There was another moment from oral arguments that jumped out at me. In theory, there’s nothing stopping the Supreme Court from ruling against the health care mandate, and suggesting that Congress needs to find a solution that leaves the rest of the law intact. This was basically the recommendation in Brown (“all deliberate speed”), and it was what the court came up with in the last affirmative action case.
A problem: Congress can’t really pass anything anymore. “The question is really what task do you want to give Congress?” asked Paul Clement, the brilliant attorney for the plaintiffs. “Do you want to give Congress the task of fixing the statute after something has been taken out, especially a provision at the heart, or do you want to give Congress the task of fixing health care?”
The conversation continued:
CLEMENT: If you strike down only the individual mandate, Congress could say the next day, well, that’s the last thing we ever wanted to do; so, we’re going to strike down the rest of the statute immediately and then try to fix the problem. So, whatever you do, Congress is going to have options. The question is --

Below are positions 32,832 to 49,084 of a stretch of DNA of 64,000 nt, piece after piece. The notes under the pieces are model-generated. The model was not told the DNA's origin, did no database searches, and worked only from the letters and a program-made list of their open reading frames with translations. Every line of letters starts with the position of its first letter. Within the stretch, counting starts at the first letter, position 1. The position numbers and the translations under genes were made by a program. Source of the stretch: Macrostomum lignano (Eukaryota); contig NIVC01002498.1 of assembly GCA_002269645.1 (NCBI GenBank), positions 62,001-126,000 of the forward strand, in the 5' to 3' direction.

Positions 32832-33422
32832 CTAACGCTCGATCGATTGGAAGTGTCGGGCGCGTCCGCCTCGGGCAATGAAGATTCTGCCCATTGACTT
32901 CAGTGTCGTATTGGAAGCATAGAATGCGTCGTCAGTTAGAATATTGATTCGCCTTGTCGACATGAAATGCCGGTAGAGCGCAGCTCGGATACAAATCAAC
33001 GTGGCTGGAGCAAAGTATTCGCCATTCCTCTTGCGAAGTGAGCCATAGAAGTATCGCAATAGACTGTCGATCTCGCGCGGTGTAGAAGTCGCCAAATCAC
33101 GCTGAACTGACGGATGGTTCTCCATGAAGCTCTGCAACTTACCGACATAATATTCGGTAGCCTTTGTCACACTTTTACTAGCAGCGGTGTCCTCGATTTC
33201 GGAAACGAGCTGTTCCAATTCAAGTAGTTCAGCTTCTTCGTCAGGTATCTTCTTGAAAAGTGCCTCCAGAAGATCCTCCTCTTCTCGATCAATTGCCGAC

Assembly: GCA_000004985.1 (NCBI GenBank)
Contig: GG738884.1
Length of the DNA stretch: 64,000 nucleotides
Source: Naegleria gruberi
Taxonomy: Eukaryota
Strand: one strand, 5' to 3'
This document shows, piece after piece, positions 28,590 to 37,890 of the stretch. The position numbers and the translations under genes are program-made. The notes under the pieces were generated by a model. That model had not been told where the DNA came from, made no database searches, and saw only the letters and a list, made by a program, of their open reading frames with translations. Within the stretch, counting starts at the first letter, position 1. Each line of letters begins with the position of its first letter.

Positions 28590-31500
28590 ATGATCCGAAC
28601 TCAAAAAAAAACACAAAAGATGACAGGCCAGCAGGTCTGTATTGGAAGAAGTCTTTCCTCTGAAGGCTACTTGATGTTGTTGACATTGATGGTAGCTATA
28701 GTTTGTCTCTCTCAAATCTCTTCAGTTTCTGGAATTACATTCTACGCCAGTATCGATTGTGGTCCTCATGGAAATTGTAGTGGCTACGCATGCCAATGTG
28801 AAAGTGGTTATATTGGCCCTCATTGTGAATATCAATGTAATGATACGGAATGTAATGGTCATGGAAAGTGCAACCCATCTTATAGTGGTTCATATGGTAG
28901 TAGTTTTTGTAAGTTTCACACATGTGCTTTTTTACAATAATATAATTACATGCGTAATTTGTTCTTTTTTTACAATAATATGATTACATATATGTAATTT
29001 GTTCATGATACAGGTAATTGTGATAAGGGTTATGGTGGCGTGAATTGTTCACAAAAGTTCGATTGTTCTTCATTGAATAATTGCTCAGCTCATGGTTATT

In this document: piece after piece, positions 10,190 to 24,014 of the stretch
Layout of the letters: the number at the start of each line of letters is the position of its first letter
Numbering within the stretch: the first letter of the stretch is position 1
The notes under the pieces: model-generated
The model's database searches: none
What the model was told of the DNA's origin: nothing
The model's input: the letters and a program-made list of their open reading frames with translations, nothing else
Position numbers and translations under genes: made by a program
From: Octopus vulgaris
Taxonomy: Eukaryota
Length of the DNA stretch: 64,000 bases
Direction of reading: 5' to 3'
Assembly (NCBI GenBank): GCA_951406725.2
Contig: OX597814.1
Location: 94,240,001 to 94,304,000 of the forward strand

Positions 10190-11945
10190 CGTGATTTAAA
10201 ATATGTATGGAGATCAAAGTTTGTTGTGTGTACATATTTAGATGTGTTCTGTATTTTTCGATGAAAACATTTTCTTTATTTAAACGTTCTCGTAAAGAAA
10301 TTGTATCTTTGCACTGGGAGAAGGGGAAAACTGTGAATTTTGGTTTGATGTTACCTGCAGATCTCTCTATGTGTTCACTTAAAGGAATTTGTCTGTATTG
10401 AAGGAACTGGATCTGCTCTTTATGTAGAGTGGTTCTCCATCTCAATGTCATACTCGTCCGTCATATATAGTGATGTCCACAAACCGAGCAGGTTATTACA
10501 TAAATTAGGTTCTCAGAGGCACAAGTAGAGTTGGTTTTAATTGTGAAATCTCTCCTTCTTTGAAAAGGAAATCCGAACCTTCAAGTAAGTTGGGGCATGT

SCALIA: Well, there’s such a thing as legislative inertia, isn’t there?
CLEMENT: Well, that’s exactly --
SCALIA: I mean --
CLEMENT: – what I was going to say, Justice Scalia, which is I think the question for this Court is – we all recognize there’s legislative inertia. And then the question is what’s the best result in light of that reality?
SOTOMAYOR: Are you suggesting that we should take on more power to the Court?
CLEMENT: No, I --
SOTOMAYOR: Because Congress would choose to take one path rather than another. That’s sort of taking onto the Court more power than one, I think, would want.
CLEMENT: And I agree. We’re simply asking this Court to take on, straight on, the idea of the basic remedial inquiry into severability…
The assumption is that Congress can’t really do anything of substance here. That’s an omen of some kind for “repeal and replace” in 2013.